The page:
I am a retired nurse and a woman who gave birth to three children and have been a lifelong athlete predominantly a runner and tennis player as I’ve matured through life. As I’ve become older, I had more issues with some of the symptoms of pelvic floor dysfunction. Many of them had been there since my childbirth years. In all honesty, I never fully understood what it all meant to me both as a woman, and as a runner. Why would I think that what was going on “down there” could impact my running?

The pelvic floor consists of muscles that support your bladder, uterus, and bowels. Pretty darn important, yet it’s only recently really been addressed more publicly. I have found that even gynecologists had not fully embraced the information I was telling them; therefore, I wasn’t getting the help I needed. This is fairly common and it is one of the reasons that I always tell patients and friends to say it again, and say it again, and say it again, until someone is listening to you. Don’t let embarrassment or an unwillingness from a physician or nurse hearing you be the thing that stops you from getting the help you need. Often, it’s far more simple than you would know. Women have suffered in silence or not even known that there were options out there for them. I often wonder how many women have stopped running or being active because they had pelvic floor dysfunction (PFD)?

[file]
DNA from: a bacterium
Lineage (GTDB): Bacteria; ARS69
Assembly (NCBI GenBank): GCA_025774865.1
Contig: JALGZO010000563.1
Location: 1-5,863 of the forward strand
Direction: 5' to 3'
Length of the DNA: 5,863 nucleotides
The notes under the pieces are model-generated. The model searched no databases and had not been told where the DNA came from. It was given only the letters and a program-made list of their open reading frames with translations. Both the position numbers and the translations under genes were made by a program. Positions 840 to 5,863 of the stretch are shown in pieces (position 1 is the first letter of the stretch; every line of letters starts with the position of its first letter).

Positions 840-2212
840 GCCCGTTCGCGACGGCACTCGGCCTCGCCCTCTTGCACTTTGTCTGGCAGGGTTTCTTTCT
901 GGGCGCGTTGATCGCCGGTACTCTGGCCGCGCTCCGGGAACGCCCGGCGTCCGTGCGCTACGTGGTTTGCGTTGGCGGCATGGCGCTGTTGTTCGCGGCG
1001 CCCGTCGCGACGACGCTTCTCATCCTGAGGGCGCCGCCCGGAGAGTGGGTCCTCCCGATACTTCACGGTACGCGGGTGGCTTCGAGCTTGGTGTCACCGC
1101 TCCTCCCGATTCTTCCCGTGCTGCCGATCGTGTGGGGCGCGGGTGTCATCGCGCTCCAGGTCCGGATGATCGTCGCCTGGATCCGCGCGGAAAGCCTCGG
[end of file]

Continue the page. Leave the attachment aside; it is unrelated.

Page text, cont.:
We need strong muscles to keep our bladder and urethra in place to prevent leaking. We need strong muscles to maintain our uterus in position so that we don’t suffer from prolapse or painful or other weaknesses that can then put stress on our bowels and bladder. We need strong muscles to maintain proper bowel health. That means being able to poop in a normal way and control it. It isn’t just talking about fecal leakage; constipation can be a symptom as well. And let’s face it ladies we need strong muscles to maintain our sexual health. If you are running and you are leaking urine or feces or if you have a uterus that has prolapsed, you have a difficult circumstance on your hands. In all honesty you might quit running.